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Funding Edtech with the E-Rate Program and Grants

edWeb.net

As schools and districts strive to meet their existing technology needs and prepare for the future, access to federal and state funding, along with other grants, is making a major difference in whether students engage in 21 st century learning or are left behind.

After Net Neutrality, Experts Expect Changes to FCC’s E-Rate

Edsurge

It’s no great overstatement to say that the Federal Communications Commission’s recent decision to rollback net neutrality protections has shaken the education community’s faith in open and equitable internet access for all students. But the tea leaves for E-Rate are pretty positive actually. Rather, it's centered in the popular E-Rate program, which has provided billions of dollars in broadband discounts and infrastructure upgrades to schools and libraries.

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The History of the Future of E-rate

Hack Education

While much of the speculation about the future of education technology under President Trump has been focused on the new Secretary of Education Betsy DeVos ( her investment in various ed-tech companies , her support for vouchers and charter schools), it’s probably worth remembering that the Department of Education is hardly the only agency that shapes education and education technology policy. What can E-rate tell us about the relationship between politics and ed-tech?

State Leadership Working Towards Broadband Access for All

edWeb.net

If the workday of an adult typically requires seamless broadband access, then it’s reasonable that today’s students need the same access during their school day. The key is the state leadership to make broadband accessible to all.

Major Telecom Sprint Pledges to Bring Web Connectivity to 1 Million Students

Marketplace K-12

Students participating in the program will receive either a free smartphone, tablet, laptop, or “hotspot” device that offers them access to the web. history to bridge the digital divide.”. The company’s effort comes as policymakers at the federal level and school advocates are calling for greater focus on addressing the so-called homework gap. families with children in school do not have home broadband access.

Nearly all American classrooms can now connect to high-speed internet, effectively closing the “connectivity divide”

The Hechinger Report

The nonprofit launched in 2012, and when it explored school connectivity data the following year, it found that just 30 percent of school districts had sufficient bandwidth to support digital learning, or 100 kbps per student.

?New Report Spells Out How to Connect 6.5M Students in Schools Without Internet

Edsurge

The digital divide is showing real signs of narrowing—but there are still 6.5 million students in under-connected schools, according to a new report by the nonprofit EducationSuperHighway , which analyzes data from E-rate applications. Overall, more than 39 million students enjoy bandwidth speeds to support digital learning. We have seen a real change in the FCC approval rates for these projects.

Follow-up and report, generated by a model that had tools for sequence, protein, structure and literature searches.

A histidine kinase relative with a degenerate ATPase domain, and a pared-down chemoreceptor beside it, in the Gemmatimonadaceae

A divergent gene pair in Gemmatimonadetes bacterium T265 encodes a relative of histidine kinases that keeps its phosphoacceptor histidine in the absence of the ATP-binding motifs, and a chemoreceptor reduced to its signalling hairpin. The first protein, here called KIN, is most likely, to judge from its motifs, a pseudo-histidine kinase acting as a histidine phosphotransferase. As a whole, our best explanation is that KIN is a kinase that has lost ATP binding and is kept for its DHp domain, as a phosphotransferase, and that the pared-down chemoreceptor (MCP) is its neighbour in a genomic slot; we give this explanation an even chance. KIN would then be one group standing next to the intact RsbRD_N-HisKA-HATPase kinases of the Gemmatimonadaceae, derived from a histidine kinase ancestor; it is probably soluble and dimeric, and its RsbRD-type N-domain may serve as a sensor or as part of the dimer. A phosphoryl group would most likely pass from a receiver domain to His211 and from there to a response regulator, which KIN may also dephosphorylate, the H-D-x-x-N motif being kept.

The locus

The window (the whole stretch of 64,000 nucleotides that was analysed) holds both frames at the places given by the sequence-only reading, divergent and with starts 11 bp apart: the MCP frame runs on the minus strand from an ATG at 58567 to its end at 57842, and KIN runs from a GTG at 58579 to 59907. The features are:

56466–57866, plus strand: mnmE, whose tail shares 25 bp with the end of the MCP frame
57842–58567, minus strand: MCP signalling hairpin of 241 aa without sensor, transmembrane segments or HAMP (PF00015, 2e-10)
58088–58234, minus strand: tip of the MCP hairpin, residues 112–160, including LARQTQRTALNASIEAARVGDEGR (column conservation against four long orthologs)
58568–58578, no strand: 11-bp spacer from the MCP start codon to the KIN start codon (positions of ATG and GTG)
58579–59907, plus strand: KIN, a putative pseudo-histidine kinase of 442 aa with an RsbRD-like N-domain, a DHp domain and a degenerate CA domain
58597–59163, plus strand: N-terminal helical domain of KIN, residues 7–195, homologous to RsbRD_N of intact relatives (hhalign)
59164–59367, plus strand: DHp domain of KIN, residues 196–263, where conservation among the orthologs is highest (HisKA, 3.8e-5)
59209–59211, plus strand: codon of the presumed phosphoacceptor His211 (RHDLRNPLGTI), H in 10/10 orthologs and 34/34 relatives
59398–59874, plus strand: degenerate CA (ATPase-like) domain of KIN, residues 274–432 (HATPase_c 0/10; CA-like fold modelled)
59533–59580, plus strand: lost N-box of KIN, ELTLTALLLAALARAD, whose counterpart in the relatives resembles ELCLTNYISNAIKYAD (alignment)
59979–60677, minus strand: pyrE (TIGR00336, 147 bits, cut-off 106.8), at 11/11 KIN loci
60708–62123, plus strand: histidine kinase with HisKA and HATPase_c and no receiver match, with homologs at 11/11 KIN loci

3 Resources to Help Connect Students and Families

Digital Promise

When Howard-Suamico School District went digital, giving every student in grades 3 and up tablets or laptops, the change was immediate and dramatic. Something else that was immediate and dramatic: the gap between students who had Internet access at home, and those who didn’t. That’s where it really exacerbates the divide.” “You can’t just send them home with an assignment or some research to do, because they have no access.”

A guest post from AASL’s Banned Websites Awareness Day Committee

NeverEndingSearch

It’s happened to all of us– we’re at school trying to access the perfect website for a learning activity at school and… it’s blocked. While banning books is commonly recognized by librarians as detrimental to the student educational experience, restricted website access isn’t on everyone’s radar. Establish a digital repository of Internet filtering studies. Digital Citizenship Curriculum by Common Sense Education. Digital Citizenship by OSAPAC.

The Politics of Education Technology

Hack Education

“ Facebook Is Not a Technology Company ,” media studies professor Ian Bogost also wrote in August. If that’s what “technology” means, then every company is in the technology business – a useless distinction. …There are companies that are firmly planted in the computing sector. The most interesting thing about companies like Alphabet, Amazon, and Facebook is that they are not (computing) technology companies.

A Thinking Person’s Guide to EdTech News (2017 Week 11 Edition)

Doug Levin

Do you know that feeling when you are told your questions about student privacy are unfounded by a representative of a company that earns 86% of its total revenue from advertising? Tagged on: March 19, 2017 Cyber attacks a serious, and under-reported, threat to Boulder Valley companies | Boulder Daily Camera → Specific to the Boulder, CO-area, but useful overview of cybersecurity trends. Census data, and the divide among states in internet accessibility is apparent.

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